The Indiana Supreme Court posted the following opinion March 7 after IL deadline:
In the Matter of the Termination of the Parent-Child Relationship of E.M. and El.M., E.M. v. Indiana Department of Child Services
Juvenile. Affirms in a 4-1 opinion termination of a father’s parental rights, holding that the Court of Appeals’ reversal of the trial court’s order improperly reweighed the evidence and assigned more weight to the father’s attempts toward rehabilitation. Justice Loretta Rush wrote for the majority that after more than three years, the children needed permanency more than a final effort at family preservation. Justice Robert Rucker dissented, holding that there was no evidence children had ever been abused and the state failed to prove by clear and convincing evidence that father’s parental rights should be terminated.
Indiana Court of Appeals
Jeff L. Ewing and Renee Ewing, Household Finance Corporation III v. U.S. Bank, N.A., as Trustee for the Structured Asset Securities Corp., Series 2005-GEL4
Mortgage foreclosure. Finds summary judgment in favor of U.S. Bank was appropriate. Also affirms U.S. Bank’s motion to dismiss the Ewings’ supplemental complaint for failure to state a claim upon which relief could be granted. The Ewings argued the bank failed to act in good faith during the settlement discussions as required by the Alternative Dispute Resolution rules. The COA held the settlement talks were not a mediation, so the A.D.R. rules did not apply.
Brian Bradley v. State of Indiana
Criminal. Affirms conviction of Class D felony dealing in marijuana. Finds that while one piece of evidence may not have established probable cause to search Bradley’s apartment, taken together and viewed collectively, the evidence is sufficient to support the trial court’s finding of probable cause. Judge Patricia Riley dissented, arguing police made no effort to verify the information and did not include all material facts in the affidavit.
Jerimaine Carter v. State of Indiana (NFP)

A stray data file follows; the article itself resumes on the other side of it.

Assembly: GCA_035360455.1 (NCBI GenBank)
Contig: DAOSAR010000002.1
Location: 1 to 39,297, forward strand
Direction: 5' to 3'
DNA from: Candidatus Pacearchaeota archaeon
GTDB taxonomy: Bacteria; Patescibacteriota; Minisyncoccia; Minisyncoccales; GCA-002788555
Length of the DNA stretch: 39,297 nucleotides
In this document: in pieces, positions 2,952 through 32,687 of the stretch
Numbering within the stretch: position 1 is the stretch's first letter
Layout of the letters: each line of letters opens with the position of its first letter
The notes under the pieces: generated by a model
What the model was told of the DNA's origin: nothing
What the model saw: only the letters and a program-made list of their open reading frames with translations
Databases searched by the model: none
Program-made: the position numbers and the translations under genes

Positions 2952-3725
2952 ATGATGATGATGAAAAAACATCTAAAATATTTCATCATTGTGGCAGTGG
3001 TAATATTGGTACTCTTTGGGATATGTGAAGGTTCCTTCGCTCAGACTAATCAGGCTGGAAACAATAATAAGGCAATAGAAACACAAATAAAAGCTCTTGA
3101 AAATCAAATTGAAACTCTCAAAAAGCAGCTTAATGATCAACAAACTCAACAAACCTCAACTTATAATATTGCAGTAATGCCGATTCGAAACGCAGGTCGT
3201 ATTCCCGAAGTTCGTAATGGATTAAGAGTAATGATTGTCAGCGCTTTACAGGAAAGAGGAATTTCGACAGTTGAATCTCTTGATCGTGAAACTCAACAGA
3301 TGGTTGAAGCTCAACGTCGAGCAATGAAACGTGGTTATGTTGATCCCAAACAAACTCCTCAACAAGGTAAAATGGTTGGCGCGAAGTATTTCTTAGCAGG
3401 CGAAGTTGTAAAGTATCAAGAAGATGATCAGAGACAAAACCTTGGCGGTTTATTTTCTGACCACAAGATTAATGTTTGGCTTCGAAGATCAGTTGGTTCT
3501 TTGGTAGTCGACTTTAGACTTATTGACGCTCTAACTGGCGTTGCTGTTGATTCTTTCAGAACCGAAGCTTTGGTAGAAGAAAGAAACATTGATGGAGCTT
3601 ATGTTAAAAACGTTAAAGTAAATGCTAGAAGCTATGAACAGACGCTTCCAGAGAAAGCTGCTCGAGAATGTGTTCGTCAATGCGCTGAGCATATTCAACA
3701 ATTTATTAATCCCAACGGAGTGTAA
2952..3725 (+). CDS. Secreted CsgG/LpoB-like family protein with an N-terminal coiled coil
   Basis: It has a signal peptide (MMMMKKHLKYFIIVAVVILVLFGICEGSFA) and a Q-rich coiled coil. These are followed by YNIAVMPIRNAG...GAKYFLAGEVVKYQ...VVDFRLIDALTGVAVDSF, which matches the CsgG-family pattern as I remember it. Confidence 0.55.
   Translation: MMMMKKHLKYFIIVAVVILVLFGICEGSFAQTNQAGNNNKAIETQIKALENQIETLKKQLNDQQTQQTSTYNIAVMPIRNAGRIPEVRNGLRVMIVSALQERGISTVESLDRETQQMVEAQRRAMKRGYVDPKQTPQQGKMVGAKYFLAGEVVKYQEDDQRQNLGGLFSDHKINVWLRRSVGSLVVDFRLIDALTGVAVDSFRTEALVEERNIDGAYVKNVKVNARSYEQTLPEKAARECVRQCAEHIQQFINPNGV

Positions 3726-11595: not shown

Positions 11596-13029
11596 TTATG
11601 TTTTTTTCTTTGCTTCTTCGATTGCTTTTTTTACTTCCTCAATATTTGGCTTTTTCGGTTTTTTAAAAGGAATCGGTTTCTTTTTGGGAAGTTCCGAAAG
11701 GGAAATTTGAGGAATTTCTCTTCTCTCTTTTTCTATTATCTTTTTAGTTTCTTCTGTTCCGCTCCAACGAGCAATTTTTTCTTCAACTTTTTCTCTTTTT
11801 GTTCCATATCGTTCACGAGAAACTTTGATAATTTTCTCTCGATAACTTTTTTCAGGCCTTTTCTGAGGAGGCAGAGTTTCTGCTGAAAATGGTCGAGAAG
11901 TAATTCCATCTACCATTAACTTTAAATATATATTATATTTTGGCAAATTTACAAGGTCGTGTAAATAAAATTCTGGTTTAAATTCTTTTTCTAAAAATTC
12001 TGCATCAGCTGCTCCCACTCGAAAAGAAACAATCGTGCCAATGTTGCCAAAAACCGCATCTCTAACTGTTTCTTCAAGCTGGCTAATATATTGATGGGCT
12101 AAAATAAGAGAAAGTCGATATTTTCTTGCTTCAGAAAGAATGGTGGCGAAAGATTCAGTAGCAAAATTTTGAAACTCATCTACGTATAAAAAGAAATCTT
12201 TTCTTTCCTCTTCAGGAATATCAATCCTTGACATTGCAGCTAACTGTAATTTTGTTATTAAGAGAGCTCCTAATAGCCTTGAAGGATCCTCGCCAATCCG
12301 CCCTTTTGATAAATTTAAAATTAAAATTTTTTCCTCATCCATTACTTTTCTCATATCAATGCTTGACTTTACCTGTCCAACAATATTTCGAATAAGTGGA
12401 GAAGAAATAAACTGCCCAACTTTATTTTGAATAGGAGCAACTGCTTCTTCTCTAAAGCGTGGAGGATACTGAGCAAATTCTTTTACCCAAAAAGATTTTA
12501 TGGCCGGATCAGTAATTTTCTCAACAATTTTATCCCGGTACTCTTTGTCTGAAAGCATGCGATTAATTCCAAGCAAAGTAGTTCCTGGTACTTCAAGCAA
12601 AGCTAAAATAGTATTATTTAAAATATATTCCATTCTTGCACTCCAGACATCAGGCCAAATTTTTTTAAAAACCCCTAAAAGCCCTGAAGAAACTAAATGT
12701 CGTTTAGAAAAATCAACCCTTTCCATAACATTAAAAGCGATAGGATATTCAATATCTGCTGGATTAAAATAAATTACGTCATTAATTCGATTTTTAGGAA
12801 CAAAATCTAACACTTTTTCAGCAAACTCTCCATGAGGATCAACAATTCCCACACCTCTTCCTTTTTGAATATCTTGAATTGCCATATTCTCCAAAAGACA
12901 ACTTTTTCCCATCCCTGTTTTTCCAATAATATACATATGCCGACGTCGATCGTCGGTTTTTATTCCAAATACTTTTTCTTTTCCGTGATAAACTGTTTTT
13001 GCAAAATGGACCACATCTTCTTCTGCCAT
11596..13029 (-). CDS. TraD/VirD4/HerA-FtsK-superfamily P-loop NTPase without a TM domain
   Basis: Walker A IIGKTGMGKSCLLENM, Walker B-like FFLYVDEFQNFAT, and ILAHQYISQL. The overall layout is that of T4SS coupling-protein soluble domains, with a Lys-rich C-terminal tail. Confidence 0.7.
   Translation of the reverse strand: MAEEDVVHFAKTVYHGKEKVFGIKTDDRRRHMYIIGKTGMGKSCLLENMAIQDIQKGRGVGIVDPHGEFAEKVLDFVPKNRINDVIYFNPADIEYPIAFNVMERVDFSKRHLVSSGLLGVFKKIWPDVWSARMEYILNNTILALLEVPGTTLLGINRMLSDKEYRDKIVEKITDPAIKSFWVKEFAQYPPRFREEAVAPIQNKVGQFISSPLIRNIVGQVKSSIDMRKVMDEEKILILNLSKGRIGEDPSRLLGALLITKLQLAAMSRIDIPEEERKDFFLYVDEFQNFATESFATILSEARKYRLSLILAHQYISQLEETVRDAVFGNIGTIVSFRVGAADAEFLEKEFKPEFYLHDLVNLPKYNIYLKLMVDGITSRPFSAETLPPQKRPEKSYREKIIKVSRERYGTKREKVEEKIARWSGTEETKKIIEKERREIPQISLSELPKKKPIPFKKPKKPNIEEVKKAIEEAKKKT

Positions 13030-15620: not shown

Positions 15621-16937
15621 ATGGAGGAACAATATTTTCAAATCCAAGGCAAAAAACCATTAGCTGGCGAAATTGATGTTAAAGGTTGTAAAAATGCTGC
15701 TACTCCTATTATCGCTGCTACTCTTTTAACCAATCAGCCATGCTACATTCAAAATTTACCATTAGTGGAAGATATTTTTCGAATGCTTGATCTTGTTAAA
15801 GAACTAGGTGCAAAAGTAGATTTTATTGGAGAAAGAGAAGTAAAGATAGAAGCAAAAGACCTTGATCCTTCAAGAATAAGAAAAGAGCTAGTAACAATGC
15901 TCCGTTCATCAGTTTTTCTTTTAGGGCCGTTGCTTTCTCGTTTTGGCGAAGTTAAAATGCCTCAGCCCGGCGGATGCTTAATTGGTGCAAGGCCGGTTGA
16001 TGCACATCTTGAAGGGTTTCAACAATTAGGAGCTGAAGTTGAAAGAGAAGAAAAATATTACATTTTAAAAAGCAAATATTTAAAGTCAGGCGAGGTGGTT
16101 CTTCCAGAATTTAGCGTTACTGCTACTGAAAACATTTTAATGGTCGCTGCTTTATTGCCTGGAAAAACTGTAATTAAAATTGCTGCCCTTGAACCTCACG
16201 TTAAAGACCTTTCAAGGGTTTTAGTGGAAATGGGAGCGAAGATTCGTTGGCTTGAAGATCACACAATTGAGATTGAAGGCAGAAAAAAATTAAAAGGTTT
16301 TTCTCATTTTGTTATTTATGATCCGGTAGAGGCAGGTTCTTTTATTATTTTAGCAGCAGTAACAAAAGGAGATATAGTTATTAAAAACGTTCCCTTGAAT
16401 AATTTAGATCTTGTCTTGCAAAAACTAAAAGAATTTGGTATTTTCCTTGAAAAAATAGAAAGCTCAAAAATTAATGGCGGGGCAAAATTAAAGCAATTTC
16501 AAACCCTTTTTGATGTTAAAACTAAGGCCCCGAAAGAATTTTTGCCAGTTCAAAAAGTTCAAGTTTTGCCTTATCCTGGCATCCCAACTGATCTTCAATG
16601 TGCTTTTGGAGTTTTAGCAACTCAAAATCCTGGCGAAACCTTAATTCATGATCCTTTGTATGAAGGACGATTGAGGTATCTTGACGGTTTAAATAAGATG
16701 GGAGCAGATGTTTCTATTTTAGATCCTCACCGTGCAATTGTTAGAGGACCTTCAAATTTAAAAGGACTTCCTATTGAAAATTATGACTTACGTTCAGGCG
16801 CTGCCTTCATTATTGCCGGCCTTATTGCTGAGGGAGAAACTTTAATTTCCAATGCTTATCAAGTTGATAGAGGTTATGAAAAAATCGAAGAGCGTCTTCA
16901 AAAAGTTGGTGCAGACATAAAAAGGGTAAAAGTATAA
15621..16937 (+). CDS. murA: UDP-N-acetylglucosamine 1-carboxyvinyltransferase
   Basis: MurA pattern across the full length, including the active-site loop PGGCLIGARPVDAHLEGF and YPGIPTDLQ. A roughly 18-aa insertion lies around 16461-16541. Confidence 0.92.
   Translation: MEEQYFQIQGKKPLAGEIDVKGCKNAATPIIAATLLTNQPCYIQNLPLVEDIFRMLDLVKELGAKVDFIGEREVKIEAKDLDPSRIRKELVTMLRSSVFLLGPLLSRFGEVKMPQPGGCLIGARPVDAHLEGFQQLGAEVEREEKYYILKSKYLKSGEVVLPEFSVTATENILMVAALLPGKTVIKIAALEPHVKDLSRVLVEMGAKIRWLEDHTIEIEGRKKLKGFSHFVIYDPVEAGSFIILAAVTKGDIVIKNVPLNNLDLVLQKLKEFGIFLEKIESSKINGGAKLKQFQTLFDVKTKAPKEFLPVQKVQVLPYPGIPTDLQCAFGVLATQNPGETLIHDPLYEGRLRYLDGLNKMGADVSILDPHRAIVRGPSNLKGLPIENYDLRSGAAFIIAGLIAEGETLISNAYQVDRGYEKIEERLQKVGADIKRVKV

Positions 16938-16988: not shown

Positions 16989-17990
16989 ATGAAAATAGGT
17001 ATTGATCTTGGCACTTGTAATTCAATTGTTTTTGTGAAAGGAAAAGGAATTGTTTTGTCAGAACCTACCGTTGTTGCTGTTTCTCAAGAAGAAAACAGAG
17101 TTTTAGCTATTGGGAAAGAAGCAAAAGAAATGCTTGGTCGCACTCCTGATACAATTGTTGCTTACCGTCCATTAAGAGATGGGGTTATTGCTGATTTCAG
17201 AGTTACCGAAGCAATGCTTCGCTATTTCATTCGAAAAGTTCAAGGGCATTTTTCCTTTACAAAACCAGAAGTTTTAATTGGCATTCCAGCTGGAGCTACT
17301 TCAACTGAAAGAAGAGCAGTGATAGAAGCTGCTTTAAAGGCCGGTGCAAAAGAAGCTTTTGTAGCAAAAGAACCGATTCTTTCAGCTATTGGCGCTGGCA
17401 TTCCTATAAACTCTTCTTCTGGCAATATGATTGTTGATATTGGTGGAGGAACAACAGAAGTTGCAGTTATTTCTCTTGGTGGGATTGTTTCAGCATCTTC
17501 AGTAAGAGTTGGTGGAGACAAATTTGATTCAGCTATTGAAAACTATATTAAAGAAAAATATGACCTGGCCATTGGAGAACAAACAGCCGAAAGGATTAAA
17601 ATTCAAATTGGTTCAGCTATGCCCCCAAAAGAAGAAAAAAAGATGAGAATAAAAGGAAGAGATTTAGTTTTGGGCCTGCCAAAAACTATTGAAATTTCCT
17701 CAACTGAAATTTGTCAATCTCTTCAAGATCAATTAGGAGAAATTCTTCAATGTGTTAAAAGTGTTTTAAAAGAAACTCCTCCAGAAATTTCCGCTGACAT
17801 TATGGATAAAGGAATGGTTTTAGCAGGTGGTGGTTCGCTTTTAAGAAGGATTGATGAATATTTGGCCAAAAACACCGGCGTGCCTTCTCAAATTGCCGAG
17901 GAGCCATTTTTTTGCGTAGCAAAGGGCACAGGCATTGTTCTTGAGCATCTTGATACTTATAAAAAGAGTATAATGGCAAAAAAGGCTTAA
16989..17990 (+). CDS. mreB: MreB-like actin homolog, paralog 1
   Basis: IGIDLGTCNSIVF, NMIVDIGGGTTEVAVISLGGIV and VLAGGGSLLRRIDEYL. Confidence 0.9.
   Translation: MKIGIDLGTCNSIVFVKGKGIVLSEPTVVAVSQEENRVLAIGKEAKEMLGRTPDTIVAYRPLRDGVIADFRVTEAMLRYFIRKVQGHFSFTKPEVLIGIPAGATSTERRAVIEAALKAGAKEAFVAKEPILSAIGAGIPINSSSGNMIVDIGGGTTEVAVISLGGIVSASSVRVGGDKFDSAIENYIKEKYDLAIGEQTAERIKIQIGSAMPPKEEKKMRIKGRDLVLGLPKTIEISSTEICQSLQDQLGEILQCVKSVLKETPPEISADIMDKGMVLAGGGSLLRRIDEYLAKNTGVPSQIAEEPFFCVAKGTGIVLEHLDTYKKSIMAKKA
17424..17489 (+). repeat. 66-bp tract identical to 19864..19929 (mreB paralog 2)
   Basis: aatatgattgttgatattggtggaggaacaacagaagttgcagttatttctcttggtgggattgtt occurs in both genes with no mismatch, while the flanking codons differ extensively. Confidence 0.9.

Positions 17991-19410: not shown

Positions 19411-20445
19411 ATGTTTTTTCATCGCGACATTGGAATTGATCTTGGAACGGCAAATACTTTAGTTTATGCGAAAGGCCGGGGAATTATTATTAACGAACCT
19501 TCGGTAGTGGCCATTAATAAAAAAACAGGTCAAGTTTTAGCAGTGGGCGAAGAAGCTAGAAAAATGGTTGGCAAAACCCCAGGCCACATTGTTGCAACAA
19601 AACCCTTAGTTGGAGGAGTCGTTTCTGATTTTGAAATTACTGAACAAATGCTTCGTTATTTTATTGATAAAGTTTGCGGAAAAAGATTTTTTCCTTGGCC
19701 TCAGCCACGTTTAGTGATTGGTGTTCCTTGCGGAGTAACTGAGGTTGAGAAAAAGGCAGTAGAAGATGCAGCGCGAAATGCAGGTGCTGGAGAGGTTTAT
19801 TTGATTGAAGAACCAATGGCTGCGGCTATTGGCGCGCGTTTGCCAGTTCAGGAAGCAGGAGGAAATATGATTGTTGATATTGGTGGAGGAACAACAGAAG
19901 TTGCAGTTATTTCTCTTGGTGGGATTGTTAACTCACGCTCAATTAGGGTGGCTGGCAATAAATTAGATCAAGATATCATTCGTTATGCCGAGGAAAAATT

Criminal. Affirms Carter’s sentence to concurrent terms of 34 years for attempted murder as a Class A felony, with 32 years served at the Indiana Department of Correction and two years served on community corrections; one-and-a-half-years for resisting law enforcement as a Class D felony; and one year for carrying a handgun without a license as a Class A misdemeanor.
Darod A. Wheeler v. State of Indiana (NFP)
Criminal. Vacates judgment and remands with instructions to reinstate the Nov. 13, 2012, sentencing order and modify it with the appropriate credit time. The November order included that Wheeler be required to serve three years of his previously suspended sentence in the Indiana Department of Correction. The trial court had amended that order to four years and four months in the DOC. The trial court explained it amended the sentence in order to give Wheeler enough time to participate in a substance abuse program in the DOC.
In the Matter of L.W. and J.W., Children in Need of Services, and J.W. (Father) and L.W. (Mother) v. Indiana Department of Child Services (NFP)
Juvenile. Reverses the trial court’s adjudication of L.W. and J.W. as children in need of services. Finds that the Marion County Department of Child Services failed to meet its burden demonstrating that coercive intervention of the court was necessary.
Juan Williams v. State of Indiana (NFP)
Criminal. Affirms conviction for battery as a Class A misdemeanor.
Indiana Supreme Court and Indiana Tax Court did not post any opinions by IL deadline. The 7th Circuit Court of Appeals did not post any Indiana opinions by IL deadline.